Having Difficult Conversations

Hispanic couple discuss end-of-life wishes with daughter

Talking about life-limiting illness isn’t easy. We don’t want to rob our loved ones of hope. We think that maybe, by avoiding the conversation, we can protect them – and ourselves – from suffering, from anxiety, from the unknown.

But the very conversations we avoid are the ones that give us some measure of control. Sharing our worries and wishes brings connection and understanding. Exploring care alternatives and end-of-life options  gives us the facts we need to choose the best path.

The Power of Conversation

Talking about serious illness offers opportunities for you to control the things you can. Each family’s experience is unique, but these steps are key: 

Find someone you trust. 
Surround yourself with allies and advocates who can offer the emotional and practical support you need, and help you navigate the search for information and options.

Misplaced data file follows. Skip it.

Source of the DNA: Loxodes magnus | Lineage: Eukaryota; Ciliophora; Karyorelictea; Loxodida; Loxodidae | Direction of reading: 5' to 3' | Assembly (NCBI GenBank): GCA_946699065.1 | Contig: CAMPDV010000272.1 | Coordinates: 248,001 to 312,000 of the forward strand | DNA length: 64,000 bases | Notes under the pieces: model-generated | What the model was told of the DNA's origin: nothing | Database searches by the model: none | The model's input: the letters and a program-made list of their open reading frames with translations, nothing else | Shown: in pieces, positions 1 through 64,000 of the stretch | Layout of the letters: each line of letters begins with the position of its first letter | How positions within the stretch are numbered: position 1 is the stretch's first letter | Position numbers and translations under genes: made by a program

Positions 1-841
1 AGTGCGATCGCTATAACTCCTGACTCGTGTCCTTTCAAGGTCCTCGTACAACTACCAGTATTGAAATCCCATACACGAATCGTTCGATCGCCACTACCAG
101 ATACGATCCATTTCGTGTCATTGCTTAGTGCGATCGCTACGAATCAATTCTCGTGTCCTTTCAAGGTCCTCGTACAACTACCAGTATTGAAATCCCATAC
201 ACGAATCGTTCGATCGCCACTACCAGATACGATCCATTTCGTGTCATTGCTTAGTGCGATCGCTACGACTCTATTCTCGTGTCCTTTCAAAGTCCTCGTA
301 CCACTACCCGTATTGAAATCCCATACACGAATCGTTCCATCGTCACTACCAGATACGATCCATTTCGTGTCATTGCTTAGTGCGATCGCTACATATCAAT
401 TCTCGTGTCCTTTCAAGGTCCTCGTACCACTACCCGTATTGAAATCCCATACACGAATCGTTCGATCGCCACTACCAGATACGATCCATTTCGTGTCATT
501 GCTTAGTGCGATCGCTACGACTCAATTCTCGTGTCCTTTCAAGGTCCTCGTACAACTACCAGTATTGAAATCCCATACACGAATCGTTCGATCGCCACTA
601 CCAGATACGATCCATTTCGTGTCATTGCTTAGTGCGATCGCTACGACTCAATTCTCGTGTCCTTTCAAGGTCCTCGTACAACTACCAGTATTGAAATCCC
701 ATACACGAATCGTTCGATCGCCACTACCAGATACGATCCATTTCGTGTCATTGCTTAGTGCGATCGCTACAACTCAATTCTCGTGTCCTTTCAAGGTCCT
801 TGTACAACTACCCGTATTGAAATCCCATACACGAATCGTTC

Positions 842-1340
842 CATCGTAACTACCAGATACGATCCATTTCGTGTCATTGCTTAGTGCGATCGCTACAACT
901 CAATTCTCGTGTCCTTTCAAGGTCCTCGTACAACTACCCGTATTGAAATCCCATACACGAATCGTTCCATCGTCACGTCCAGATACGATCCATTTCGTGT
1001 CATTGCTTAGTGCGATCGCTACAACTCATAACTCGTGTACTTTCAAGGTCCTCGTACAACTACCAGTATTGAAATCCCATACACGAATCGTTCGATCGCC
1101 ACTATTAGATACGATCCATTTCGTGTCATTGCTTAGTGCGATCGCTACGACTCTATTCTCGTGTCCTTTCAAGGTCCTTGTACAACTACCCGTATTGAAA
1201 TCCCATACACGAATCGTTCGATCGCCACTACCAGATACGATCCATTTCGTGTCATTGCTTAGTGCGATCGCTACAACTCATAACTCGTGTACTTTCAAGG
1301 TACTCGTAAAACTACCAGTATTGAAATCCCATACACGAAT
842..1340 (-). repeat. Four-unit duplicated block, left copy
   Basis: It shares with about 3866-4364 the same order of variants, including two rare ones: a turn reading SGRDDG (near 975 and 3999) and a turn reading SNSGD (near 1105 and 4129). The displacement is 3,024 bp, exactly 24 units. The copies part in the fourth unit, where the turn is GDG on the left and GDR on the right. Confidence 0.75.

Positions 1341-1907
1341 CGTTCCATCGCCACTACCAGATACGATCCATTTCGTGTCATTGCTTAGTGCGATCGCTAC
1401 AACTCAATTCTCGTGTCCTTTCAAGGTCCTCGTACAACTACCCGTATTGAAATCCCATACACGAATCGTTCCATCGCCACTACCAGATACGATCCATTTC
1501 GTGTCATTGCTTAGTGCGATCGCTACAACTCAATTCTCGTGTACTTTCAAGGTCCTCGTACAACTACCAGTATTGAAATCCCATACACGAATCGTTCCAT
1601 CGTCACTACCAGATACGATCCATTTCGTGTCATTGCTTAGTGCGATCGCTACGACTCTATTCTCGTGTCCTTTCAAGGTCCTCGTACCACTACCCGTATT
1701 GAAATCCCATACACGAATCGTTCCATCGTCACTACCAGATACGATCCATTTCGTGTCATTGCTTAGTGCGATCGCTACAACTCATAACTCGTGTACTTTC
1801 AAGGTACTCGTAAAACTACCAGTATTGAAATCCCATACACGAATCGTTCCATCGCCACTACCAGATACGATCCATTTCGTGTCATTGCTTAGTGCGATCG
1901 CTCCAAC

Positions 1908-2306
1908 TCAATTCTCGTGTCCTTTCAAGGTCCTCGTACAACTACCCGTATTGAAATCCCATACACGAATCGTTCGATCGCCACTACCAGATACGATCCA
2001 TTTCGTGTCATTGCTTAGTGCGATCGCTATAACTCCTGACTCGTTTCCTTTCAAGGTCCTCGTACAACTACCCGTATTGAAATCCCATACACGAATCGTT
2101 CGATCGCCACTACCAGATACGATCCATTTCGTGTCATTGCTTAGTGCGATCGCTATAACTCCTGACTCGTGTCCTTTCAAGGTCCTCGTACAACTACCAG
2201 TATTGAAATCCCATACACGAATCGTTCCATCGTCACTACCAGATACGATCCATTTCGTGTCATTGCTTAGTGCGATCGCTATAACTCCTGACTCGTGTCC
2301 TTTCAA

Ask questions. 
No questions are off limits.  Ask the people you love about their concerns and desires. Ask your physician about what is happening, what to expect, and what can be done.  Ask about alternatives for care and end-of-life options. And keep asking as long as you have questions.

Share your wishes. 
“I don’t want to be a burden.” “I want to go on a trip.” “I want to die at home.”  Be candid with caregivers about your wishes to guide the kind of support you want.  These goals may change over the course of an illness, so revisit the conversation.

Start now. 
There’s no “right” time to talk about the multitude of issues regarding the end-of-life, but it’s more helpful when conversations can be part of an ongoing process—instead of waiting until the situation has dramatically deteriorated or a crisis has occurred.  Discussing options at the beginning of a life-limiting illness can help you make choices in advance and guide your decision-making.

 

 

What Our Families Say

For all the wonderful care, you made such a difference, and it is so deeply appreicated. ~ Patient's family

Thank you all so very much for your kindly care.  I will always remember. ~ Patient's daughter

On behalf of our family, we would like to thank the team that supported our dad during his time of homecoming. 
He spoke of the staff often and he, along with us, were very pleased. 
Greatly appreciated
 ~ Patient's family

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